Your Cancer Treatment Record
How involvement made a difference
Involving the audiences that will use the records was at the heart of this project. We consulted people affected by cancer to ensure the records would be relevant and reassuring, whilst empowering them to be better informed. Because we know healthcare professionals are often stretched, we also asked them what information it would be most practical and realistic to record.
In the initial stages, we consulted our patient sounding board to test our assumption that a record would be worthwhile. The sounding board are a group of 12 people affected by cancer that we work closely with on early-stage projects. The group shared their experiences of going through treatment and helped us understand the information gaps and challenges. They told us that a treatment record would be useful and where it could make the most difference.
Deepening our understanding
The Sounding Board session gave us confidence in the project, but we wanted to hear more perspectives. We ran two surveys to get more insight. Through these surveys we involved 151 people affected by cancer and 188 healthcare professionals. Again, the responses confirmed the need for a resource in this space. Of the people who participated:
- 26% of patients received a treatment record.
- 31% of patients made their own record as they needed somewhere central to record key details.
- 80% of healthcare professionals indicated they would use a record with their patients if one was available.
“Having one made me feel as though I was involved in what was happening to me. It came in very useful when I was admitted to hospital at 2am – I gave the Doctor my book with all mine and the oncologists notes and he said it was really useful to assist treating me. You forget the side effects if you don’t write them down because there is so much going on. It helped me also with my GP to get the correct medications for the side effects I was experiencing.”
The surveys developed our understanding of how patients and professionals use treatment records. They told us what was most helpful about having one, what information could be recorded, and about the barriers to using them effectively. This was invaluable in helping us to identify and prioritise what information should be included and informed our prototype.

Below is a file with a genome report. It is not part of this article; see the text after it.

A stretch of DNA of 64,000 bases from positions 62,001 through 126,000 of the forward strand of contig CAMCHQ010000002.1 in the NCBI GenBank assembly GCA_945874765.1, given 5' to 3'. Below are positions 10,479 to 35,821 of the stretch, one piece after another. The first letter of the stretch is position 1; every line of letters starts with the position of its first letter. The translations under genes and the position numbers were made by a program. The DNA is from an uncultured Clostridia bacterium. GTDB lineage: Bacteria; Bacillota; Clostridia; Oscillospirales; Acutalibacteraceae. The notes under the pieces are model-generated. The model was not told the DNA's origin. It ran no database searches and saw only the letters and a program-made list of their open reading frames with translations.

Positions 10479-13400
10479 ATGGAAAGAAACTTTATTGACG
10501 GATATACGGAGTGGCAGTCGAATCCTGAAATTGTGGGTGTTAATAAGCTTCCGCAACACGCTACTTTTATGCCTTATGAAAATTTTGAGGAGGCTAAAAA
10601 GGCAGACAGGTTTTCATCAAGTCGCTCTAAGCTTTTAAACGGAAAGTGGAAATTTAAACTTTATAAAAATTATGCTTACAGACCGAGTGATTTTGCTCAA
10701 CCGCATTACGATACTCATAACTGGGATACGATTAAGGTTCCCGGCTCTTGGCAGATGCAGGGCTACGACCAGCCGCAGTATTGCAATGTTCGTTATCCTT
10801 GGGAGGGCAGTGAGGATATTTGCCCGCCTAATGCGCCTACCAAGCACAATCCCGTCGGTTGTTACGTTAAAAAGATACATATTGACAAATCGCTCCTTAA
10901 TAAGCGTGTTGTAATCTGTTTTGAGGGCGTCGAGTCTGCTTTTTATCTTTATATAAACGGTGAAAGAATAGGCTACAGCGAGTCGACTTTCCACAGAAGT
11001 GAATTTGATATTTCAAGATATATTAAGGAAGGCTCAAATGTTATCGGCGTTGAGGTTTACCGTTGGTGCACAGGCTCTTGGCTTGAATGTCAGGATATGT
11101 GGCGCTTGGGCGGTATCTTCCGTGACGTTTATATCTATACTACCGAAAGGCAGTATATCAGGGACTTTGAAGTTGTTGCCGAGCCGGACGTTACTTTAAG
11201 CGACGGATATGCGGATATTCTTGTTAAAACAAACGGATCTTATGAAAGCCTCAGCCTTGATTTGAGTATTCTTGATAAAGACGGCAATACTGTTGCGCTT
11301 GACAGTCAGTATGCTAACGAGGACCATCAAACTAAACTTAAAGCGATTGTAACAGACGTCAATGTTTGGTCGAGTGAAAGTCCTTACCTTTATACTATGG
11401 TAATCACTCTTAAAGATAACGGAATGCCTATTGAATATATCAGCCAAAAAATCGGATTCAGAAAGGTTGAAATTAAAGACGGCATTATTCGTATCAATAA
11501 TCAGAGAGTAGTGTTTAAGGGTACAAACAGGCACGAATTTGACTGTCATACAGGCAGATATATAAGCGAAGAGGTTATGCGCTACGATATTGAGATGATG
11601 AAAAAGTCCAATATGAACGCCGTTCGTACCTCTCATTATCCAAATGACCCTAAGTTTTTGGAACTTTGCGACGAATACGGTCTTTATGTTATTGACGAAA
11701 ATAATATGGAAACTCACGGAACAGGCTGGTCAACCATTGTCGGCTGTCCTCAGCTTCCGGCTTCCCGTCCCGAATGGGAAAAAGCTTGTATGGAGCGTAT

From here, gaining specific feedback on the format and content was a vital next-step. We ran further consultations in person and over email, which helped us review and improve:
- the language used,
- the level of detail,
- the imagery and;
- the presentation of information.
Ensuring the record was clear and assessible was a real priority for us. The feedback shared at this stage was essential to helping us achieve this. As Kate Highlights below, all of the feedback received helped determine the shape of the final book.
“The involvement for the Your Treatment Record has truly adapted the way we thought about putting the book together. It has helped us understand key issues such as whether the most important information is easy to find and has shaped the tone of voice and our use of images. Gaining feedback was essential as we wanted the record to be assessible to a wide audience, not just those with higher literacy skills.” Kate Firestone, Patient Information Web team
Piloting the record
Now that the record is printed, we want to spread the word to ensure it reaches as many patients as possible. We launched it this Autumn at the UKONS (UK Chemotherapy Nurse Society) and BOPA (British Oncology Pharmacy Association) annual conferences, where it was positively received. It's now free to order on our online publications page.
To help healthcare professionals use the record effectively with their patients we’ve created a guidance video for them. This idea came about because only 30% of patients involved in our survey felt the purpose of their treatment record was clearly explained to them by their medical team.
Evaluating the record’s impact is our current priority. We’ll be asking people to tell us about their experience of using it to check that it’s supporting patients and healthcare professionals to have more meaningful conversations.
Thank you to everyone involved in helping us to get to this stage!
Take a look at our current opportunities to get involved and make a difference to people facing cancer.